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Women and Sexual Violence


What is Violence Against Women?

      

For years violence against women continues to be widely tolerated. Despite all efforts of eradicating this issue, it will not be achieved until governments, the media, and the general public acknowledge the seriousness of the problem; commit to addressing the root cause; and develop a strategic plan. 

Provincially, Saskatchewan and Manitoba, have consistently been reporting the highest rates of provincial police-related violent crimes including sexual assault. 

The United Nations defines violence against women as: 

"Any act of gender-based violence that results in, or is likely to result in, physical, sexual or psychological harm or suffering to women, including threats of such acts, coercion or arbitrary deprivation of liberty, whether occuring in public or in private life."

This type of violence can include:

  • Physical abuse: Slapping, choking, or punching her. Using hands or objects as weapons. Threatening her with a knife or gun. Commiting murder. 
  • Sexual abuse: Using threats, intimidation, or physical force to force her into unwanted sexual acts. 
  • Emotional or verbal abuse: Threatening to kill her (or to kill the children, other family members or pets), threatening to commit suicide, making humiliating or degrading comments about her body or behaviour, forcing her to commit degrading acts, isolating her from friends or family, confining her to the house, destroying her possessions, and other actions designed to demean her or to restrict her freedom and independence.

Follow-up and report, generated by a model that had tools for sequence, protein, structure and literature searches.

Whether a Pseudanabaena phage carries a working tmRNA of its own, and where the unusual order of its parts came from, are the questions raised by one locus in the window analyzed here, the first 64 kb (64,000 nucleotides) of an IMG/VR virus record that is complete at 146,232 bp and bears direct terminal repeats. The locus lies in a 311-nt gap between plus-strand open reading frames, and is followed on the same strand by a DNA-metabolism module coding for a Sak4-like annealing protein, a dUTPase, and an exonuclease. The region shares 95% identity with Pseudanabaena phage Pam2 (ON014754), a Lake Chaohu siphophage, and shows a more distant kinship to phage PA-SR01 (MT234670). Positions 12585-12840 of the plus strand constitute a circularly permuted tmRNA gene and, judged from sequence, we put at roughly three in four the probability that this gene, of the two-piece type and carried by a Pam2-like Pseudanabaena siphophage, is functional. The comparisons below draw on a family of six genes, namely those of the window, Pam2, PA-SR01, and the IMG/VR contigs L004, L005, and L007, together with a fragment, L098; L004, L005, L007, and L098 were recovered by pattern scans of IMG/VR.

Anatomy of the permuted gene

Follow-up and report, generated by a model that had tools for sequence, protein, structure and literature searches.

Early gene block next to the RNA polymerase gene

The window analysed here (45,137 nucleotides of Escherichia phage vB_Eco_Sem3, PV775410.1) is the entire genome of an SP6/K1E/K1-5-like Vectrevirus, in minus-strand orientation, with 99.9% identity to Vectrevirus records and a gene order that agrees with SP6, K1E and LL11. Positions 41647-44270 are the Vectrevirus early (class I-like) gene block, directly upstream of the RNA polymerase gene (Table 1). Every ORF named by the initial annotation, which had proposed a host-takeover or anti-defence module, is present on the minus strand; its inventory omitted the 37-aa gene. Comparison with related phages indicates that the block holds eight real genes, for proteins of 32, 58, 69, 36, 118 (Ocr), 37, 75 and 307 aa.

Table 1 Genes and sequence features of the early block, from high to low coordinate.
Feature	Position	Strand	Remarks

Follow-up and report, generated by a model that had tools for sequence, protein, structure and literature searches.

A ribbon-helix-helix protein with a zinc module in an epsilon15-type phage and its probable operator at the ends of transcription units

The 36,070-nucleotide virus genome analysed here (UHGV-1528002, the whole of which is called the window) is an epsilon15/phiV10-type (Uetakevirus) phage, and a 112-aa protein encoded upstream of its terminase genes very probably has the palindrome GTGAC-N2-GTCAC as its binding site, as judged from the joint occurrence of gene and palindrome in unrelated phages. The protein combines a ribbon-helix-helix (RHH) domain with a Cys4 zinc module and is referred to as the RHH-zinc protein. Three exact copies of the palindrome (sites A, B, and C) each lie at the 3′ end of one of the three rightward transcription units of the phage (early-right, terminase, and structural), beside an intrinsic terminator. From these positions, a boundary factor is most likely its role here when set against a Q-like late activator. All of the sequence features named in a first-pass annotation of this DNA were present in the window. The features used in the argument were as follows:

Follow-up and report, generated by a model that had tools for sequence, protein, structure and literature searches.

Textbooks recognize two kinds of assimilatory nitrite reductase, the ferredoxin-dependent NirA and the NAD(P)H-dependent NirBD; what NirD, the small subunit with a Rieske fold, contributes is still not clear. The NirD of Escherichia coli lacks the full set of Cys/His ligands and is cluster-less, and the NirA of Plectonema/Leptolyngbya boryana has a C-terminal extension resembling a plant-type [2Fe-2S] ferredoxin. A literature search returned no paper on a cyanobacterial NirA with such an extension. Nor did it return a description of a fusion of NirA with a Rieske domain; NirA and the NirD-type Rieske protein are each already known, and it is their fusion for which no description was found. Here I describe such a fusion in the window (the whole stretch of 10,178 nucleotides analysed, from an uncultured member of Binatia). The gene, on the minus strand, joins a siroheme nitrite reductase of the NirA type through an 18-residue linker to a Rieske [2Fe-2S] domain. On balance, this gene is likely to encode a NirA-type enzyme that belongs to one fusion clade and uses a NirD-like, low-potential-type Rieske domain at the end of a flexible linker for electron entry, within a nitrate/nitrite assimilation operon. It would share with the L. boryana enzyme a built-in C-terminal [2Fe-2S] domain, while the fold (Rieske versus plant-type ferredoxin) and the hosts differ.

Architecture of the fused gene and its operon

Some important facts.

Almost all Canadians (96%) believe all sexual activities should be consensual, yet only 1 in 3 Canadians understand what it means to give consent. 

1 in 5 Canadians between the ages of 18 and 34 believe if a woman sends an explicit photo through email or text, this always means she is giving consent to a sexual activity. 

Half of all women in Canada have experienced at least one incident of physical or sexual violence since the age of 16. 


If a woman is being abused, why does she not just leave the relationship? 

Women often stay because the abuser has threatened to kill them if they leave, or kill himself, or to kill the children. Other times it may be that they are financially dependent on their partner. Some women also choose to stay because they have strong beliefs about keeping the family together. Since abusers often express deep remorse and promise to change, it may take years for women to admit that the violence will never stop and the relationship cannot be saved. 

The long-term experience of being abused can destroy a woman's self-confidence, making it more difficult for her to believe that she deserves better treatment, that she can find the courage to leave, or that she can manage on her own. 

Information adopted from Canadian Women's Foundation


Violence Against Women - It's a Mens' Issue

Jackson Katz, PhD, is an anti-sexist activist and expert on violence, media and masculinities. As an author, filmmaker, educator and social theorist, Katz has worked in gender violence prevention work with diverse groups of men and boys in sports culture and the military, and has pioneered work in critical media literacy. Katz is the creator and co-founder of the Mentors in Violence Prevention (MVP) program, which advocates the 'bystander approach' to sexual and domestic violence prevention. You will have also seen him in the award winning documentary "MissRepresentation." In this TEDTalk video, he discusses how the idea of sexual assault (among other gender violence issues) is looked at as a "women's issue", where in reality it is a mens' issue just as much! 

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